Photo: Thom Goertel

Black Pearl Sings! Touches on Harsh, Comical Realities

DC theatergoers have rare access to what playwright Frank Higgins would consider an “authentic doorway into the past.” The Alliance for New Music Theatre has brought Higgins’ Black Pearl Sings! to life at Spooky Action Theater, exploding with songs and narratives that delicately address timely social issues while exposing the harsh, yet comical, realities of the past.  

Based on the relationships between legendary folk and blues musician Huddie William “Lead Belly” Ledbetter and Library of Congress folklorists John and Alan Lomax, Black Pearl Sings! begins in Texas during The Great Depression, where the protagonist Alberta “Pearl” Johnson (Roz White) has spent the previous 10 years in prison for pulling a Lorena Bobbitt on an abusive suitor.

The contemporary play opens with Pearl donning prison stripes and a metal ball at her feet. While working in a chain gang, Pearl wrestles with the idea of her daughter out on her own since her incarceration.

Playing opposite to Pearl is Susannah (Susan Galbraith), an ambitious Library of Congress musicologist on a prison tour collecting indigenous folk and African American slave music in the South. Entering stage left, Susannah hears Pearl singing an unfamiliar, spirit-stirring tune and requests the singer’s company.

“When people die, history is lost,” Susannah says, simplistically stating the significance and relevance of Black Pearl Sings!

After sharing their truths, the two join forces – one vowing to reconnect with her daughter and the other vowing to find the perfect song collection.

This upbeat show relies solely on the talents of these phenomenal women. Battling the whole way, the two passionately dance on couches while confronting issues of race, social narratives and perspective.

“We have treasures of which we aren’t even aware,” White, a trained musical theatre actress, explains.  “It’s important to know your worth, your history and what you have to contribute.”

White and Galbraith are one of the most dynamic duos to take the stage. The seemingly genuine quips and banter deployed onstage perfectly showcase their comedic talents and chemistry, promising to leave audiences laughing uncontrollably.   

Though the storyline dips into deeper pools of social consciousness, a light-hearted mood prevails throughout the play. The simple choreographies paired with jovial tunes make this thoughtful production a winner. It shocks and calms when appropriate and features an easy, crowd-pleasing sing-a-long.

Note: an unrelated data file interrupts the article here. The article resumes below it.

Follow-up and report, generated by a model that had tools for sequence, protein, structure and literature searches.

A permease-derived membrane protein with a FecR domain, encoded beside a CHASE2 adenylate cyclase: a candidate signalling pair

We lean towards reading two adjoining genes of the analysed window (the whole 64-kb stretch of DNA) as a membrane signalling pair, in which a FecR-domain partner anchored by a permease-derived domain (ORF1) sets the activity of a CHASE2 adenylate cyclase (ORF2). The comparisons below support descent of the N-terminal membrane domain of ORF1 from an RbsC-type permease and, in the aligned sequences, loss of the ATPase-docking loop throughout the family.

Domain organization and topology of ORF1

The modest décor of Spooky Action Theater is impeccably on-brand. Notes of sawdust fill the theatre, reminiscent of industrial and rural settings.

Fortunately, this production is not modest at all. With support from the Library of Congress and the Duke Ellington School of the Arts, Thomas W. Jones II applies more than 30 years of professional experience to engage audiences, using multimedia imagery to reinforce the performance.

The journeys of Pearl and Susannah are inspirational and uplifting. If you’re searching for an evening of heart-wrenching confessions, heartwarming songs and spiritual connectedness, look no further than Black Pearl Sings!

The Alliance for New Music-Theatre production of Black Pearl Sings! is showing through May 4 at the Spooky Action Theater at the Universalist National Memorial Church. Tickets are $25-$40 and can be purchased here.

Universalist National Memorial Church: 1810 16th St. NW, DC;www.spookyaction.org

Correction: A previous version of this article did not clarify that The Alliance for New Music-Theatre produced Black Pearl Sings!

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Langford Wiggins

Langford Wiggins is the CEO and founder of LANCAR Ink, a nonprofit news outlet that produces and distributes distinctly diverse multimedia content created by multicultural entry-level and matriculating journalists to news outlets, showcasing the impact of charitable initiatives, programs, and services aiding a plethora of communities. His personal multimedia works have appeared in five different languages and five countries on Voice of America and TheRoot.com.